What is a monster? Whether referring to Bigfoot or Ted Bundy, the word evokes specific ideas: secrecy, villainy, a departure from humanity in body or soul. A monster may start out that way, or become that way, but they often reveal something we don’t want to see, something we want to hide or shun or quarantine.

In Monsters, Matthew Sharpe’s Playboy fiction story, a disgraced football player commits an unforgivable act of violence, runs away from society and finds a strange solace living in the crawlspace of an unsuspecting woman’s home. As he secretly watches her go about her day, he becomes convinced that she is not only aware of his presence but glad for it. He is, of course, mistaken. Sharpe explores what happens when the boundary between the two characters is finally breached. The story’s surreal atmosphere is equal parts Etgar Keret and George Saunders and hints at a darkness at the heart of every human connection.

Sharpe is the author of multiple novels, including Nothing Is Terrible, The Sleeping Father and Jamestown, and a story collection, Stories from the Tube. We talked via e-mail about meditation and the monstrous, fiction in the Trump era, Japanese poetry and more.


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The title, Monsters, becomes a motif throughout your short story: the protagonist is called a monster because of his actions; he acts the monster while lurking in a woman’s walls; he’s a monster to his dog in his own nightmares. We sit firmly in his point of view the entire time—in the monster’s perspective. What took you in this direction? What, to you, is monstrous?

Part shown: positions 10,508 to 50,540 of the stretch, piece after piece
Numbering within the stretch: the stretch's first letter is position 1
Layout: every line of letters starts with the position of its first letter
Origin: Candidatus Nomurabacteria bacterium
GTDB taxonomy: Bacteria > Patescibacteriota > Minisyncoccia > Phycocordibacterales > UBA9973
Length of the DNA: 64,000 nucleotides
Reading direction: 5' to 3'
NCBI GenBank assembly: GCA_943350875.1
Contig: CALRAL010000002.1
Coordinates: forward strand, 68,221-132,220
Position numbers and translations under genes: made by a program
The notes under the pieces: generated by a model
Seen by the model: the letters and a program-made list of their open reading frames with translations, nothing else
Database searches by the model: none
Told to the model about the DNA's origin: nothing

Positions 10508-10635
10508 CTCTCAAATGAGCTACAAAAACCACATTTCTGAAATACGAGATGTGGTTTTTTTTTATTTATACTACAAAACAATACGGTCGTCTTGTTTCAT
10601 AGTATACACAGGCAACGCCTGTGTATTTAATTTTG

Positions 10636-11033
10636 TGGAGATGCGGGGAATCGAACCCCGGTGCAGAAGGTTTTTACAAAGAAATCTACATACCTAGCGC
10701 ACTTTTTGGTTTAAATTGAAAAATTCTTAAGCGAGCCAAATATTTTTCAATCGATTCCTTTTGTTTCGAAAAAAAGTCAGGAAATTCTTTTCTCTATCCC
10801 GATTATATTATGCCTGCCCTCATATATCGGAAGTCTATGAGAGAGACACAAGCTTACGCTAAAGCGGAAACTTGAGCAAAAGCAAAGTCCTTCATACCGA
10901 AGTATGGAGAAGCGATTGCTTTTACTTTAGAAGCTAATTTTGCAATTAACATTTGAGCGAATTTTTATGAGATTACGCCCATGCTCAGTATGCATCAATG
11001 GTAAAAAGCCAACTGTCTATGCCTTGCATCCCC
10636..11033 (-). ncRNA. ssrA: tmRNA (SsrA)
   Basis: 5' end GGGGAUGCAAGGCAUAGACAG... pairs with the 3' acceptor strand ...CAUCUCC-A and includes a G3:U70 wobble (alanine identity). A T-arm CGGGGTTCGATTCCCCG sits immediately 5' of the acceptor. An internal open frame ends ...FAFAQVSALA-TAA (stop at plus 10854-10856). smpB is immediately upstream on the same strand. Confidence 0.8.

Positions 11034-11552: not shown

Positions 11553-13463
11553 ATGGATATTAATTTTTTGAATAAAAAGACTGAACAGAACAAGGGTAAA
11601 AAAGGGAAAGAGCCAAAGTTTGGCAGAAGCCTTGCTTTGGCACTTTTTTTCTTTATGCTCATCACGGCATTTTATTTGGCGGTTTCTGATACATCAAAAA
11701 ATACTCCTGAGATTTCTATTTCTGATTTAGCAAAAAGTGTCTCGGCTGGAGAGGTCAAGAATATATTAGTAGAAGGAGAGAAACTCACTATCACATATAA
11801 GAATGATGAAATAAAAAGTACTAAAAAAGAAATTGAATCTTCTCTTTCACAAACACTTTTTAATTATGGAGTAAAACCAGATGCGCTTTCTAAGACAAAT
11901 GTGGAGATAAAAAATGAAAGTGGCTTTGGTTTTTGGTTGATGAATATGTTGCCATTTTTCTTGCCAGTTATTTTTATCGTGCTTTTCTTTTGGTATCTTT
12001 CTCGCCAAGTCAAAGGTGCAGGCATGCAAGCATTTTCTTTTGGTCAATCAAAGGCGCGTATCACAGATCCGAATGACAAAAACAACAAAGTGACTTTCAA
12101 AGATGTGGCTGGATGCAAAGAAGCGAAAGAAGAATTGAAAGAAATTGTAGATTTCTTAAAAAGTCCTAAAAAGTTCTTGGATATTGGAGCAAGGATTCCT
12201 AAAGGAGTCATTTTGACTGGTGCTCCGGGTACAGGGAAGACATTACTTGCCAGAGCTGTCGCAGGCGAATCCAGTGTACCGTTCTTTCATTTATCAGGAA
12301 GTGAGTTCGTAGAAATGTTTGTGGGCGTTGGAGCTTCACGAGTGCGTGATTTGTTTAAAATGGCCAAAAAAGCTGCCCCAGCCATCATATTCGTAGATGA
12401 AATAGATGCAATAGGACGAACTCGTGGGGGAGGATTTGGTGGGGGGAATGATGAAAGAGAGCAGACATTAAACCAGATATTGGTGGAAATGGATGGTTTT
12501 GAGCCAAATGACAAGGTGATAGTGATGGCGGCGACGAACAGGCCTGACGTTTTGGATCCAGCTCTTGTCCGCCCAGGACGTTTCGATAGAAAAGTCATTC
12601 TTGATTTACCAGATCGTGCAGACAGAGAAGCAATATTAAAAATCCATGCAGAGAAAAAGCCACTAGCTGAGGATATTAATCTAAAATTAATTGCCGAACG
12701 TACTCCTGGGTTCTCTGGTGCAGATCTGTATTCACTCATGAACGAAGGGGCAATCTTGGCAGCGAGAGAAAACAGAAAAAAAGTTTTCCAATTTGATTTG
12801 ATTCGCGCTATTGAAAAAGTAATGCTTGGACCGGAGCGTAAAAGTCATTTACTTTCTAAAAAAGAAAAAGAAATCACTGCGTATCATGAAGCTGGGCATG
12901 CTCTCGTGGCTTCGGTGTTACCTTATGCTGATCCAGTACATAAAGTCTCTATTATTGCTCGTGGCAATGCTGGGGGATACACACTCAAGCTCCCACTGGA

I was sitting in a Buddhist meditation hall when the idea for this fucked-up little story came to me. Contrary to what people may think about meditation, its purpose is not to push away thoughts. Thoughts may become an object of meditation, in the same way a mantra or breathing can be an object of meditation. The writer and meditation teacher Tara Brach encourages people to say “yes” to any thoughts and feelings that arise in their lives, i.e., don’t push them away, or disavow or excoriate them or oneself, no matter how awful or ugly the thoughts may seem. Not necessarily “Yes, I will act on this thought,” but just “Yes, this thought is happening right now.” Brach says, “What we consider unacceptable in ourselves is the boundary to our freedom.” Maybe the monstrous comprises exactly those thoughts and feelings that we banish, as the ex-football player in my story is banished.

The instigating events of this story are so compressed that we blow through them in the opening paragraph, only to return to them at the very end. What made you decide to drop into the story in that manner?
I’ve been sitting here staring at this question for 30 minutes. I’ve typed various answers and then erased them because they were not true. A lot of the decisions I made in this story were intuitive, as they usually are when I write stories. Sometimes I can figure out afterward why I did something, but not always, and not this time. “It feels right” is not much of an answer, but that is my answer.